really do feel like I know them like family, haha. They've had a life
full of adventure, they've lived all over the states, Europe, Canada,
and have travelled just about everywhere else. All about making
memories. It's no coincidence my mission president was the CFO of REI,
loves mountains, and loves making memories. President Johnson knows I
have a desire to do many of the very things he's done in his life and
has shared with me treasured counsel about achieving it. They make me
feel like I can do anything in the world if I set my mind to it, haha.
As I hear of other missions and mission presidents, I recognize that
the Johnson's are a lot different than most. I would not consider him
one to be known for cracking down on missionaries. He really does give
missionary's the ability to use their agency. Yes, I've seen it be
both good and bad in some missionaries. But I definitely know that I
was meant to serve here under his direction. When missionaries are
called a great deal of the decision is made by assigning to the
mission president, not the mission. I am so grateful for all they've
done for me, eternally grateful. I have a great love for the
Johnson's. Also, Pennsylvania will always have my heart. I could write
a novel about how much I love this beautiful place, but I have lots to
write. So I'll save it for another day.
     And now, to President Christiansen. Wow. I really didn't expect
to like them much due to how much I love the Johnson's, but I was so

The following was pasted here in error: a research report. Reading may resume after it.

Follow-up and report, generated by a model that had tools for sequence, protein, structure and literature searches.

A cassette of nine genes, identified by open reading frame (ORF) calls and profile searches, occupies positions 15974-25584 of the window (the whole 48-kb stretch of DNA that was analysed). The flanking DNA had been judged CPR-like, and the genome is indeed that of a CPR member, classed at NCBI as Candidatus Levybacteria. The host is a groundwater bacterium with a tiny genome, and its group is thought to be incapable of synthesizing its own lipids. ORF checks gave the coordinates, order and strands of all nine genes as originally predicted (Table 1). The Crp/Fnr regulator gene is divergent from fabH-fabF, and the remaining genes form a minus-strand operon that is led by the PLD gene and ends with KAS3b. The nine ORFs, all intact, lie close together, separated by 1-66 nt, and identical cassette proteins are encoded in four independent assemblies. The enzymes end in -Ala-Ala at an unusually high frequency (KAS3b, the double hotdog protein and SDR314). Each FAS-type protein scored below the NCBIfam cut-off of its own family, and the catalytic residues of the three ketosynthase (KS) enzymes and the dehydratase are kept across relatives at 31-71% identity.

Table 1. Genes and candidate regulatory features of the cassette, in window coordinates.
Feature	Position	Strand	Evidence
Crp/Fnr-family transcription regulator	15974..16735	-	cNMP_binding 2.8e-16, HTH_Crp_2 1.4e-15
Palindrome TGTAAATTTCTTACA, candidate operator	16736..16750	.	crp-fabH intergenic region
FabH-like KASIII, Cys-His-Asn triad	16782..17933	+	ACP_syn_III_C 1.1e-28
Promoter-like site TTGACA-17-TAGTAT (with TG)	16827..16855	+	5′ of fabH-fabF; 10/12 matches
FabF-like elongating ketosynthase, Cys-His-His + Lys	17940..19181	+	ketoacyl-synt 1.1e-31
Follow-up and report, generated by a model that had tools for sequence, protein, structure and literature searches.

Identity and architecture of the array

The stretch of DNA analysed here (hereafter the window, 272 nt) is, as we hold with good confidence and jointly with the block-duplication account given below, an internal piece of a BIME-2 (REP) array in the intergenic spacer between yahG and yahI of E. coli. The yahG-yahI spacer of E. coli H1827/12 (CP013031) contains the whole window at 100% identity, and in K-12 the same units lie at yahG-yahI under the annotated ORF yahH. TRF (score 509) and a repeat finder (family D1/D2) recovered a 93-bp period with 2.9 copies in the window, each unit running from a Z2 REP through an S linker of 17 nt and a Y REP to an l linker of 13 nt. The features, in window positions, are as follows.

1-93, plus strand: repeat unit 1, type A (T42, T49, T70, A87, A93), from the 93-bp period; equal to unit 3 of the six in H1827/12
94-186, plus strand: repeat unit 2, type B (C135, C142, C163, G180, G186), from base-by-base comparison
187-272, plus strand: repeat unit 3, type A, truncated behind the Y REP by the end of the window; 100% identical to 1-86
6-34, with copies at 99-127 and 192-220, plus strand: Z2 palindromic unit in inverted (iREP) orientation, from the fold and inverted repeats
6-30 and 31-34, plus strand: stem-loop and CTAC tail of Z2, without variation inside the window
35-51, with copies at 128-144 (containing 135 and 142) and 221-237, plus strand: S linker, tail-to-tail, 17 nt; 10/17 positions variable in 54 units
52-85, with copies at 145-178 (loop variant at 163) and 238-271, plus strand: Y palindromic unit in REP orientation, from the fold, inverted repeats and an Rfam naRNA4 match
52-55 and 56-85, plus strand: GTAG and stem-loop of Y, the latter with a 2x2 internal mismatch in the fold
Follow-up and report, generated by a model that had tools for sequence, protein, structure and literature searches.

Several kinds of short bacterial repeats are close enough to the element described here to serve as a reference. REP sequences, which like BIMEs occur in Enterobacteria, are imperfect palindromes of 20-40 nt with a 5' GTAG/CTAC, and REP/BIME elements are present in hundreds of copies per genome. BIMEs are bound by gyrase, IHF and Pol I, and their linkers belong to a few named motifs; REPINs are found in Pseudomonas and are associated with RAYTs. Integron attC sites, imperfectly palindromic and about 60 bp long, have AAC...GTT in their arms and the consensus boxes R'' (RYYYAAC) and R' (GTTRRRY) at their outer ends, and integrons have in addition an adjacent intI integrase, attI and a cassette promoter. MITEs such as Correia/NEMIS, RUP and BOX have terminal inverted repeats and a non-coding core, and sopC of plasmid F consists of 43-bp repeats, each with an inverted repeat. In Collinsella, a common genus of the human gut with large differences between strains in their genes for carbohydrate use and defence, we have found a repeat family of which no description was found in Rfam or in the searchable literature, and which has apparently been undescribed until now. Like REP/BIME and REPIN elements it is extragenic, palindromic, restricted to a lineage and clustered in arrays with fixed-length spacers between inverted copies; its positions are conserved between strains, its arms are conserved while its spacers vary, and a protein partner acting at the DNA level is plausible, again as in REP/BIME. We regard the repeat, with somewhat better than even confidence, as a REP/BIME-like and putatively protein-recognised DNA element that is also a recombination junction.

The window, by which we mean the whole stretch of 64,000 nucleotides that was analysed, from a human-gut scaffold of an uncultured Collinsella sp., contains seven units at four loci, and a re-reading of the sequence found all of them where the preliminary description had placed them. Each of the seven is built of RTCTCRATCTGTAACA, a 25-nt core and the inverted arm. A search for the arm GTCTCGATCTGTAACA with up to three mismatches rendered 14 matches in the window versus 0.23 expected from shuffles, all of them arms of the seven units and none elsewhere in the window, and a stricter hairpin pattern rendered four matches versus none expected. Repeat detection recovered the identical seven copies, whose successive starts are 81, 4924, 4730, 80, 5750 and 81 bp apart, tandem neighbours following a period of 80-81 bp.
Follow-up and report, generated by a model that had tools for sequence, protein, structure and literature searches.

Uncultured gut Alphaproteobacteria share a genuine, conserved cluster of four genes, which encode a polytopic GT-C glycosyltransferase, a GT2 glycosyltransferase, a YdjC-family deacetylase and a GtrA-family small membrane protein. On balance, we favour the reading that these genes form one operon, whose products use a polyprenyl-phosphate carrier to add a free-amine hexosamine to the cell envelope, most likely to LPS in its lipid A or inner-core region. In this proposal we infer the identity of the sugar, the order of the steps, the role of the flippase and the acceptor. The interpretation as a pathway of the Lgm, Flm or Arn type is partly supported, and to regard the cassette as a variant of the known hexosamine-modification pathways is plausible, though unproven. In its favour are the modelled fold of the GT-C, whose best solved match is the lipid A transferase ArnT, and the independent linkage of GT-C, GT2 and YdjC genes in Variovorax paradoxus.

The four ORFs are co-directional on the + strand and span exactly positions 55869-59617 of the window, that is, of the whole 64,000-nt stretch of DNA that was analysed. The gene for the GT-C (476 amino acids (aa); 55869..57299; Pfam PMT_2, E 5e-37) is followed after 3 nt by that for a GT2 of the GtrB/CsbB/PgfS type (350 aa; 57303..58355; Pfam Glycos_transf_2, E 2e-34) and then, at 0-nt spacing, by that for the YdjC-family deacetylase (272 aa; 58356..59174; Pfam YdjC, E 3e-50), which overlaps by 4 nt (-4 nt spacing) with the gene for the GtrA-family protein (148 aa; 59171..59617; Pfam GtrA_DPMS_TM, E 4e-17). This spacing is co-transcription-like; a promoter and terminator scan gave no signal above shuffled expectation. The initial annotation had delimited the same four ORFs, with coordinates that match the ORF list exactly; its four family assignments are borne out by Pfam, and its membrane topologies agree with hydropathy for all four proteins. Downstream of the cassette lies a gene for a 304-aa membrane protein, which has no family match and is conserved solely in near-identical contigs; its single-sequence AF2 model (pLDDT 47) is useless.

surprised the day we met them to how quickly I felt like I had already
known them long before. Seriously, they are amazing. And I don't have
to say that. SO kind and understanding. President Christiansen is
world's different than Johnson, I have not seen him smile yet. He is
quiet, everything he says is very thought out. But I realized quickly
how in tune he is with the spirit, and how much he cares about his
missionaries, even the ones he just met and inherited. My first
interview with him was 45 minutes long. He wanted to know everything I
hoped for in the last transfer of my mission. When I say he was
understanding, I mean he was willing to do whatever I felt like was
right for me. He gave me the option to stay in Lancaster or to leave
and spend my last in Baltimore. He was also so willing to work with my
release date, giving me four different options, some of which I'm sure
would require more effort on his part to make happen. Honestly,
personality/ spirituality-wise, he is a lot like me. And Sister
Christiansen was so kind. She and I got to talk for almost the entire
time other missionaries were being interviewed, and yes, she was
great. I know that this day was a confirmation to me that all is
exactly as it is supposed to be. I left not feeling sad about leaving
behind the Pennsylvania Pittsburgh mission, but so excited to learn so
much more from the Maryland Baltimore mission.
     I am so impressed by the vision of the Maryland mission. The APs
gave us an introduction as to what the goals are of the mission
president and the mission as a whole, what the mission is like,
answered questions, etc. In January there was a missionary broadcast
about "teaching repentance and baptizing converts" and their mission
really made huge changes afterwards. They have shifted their focus to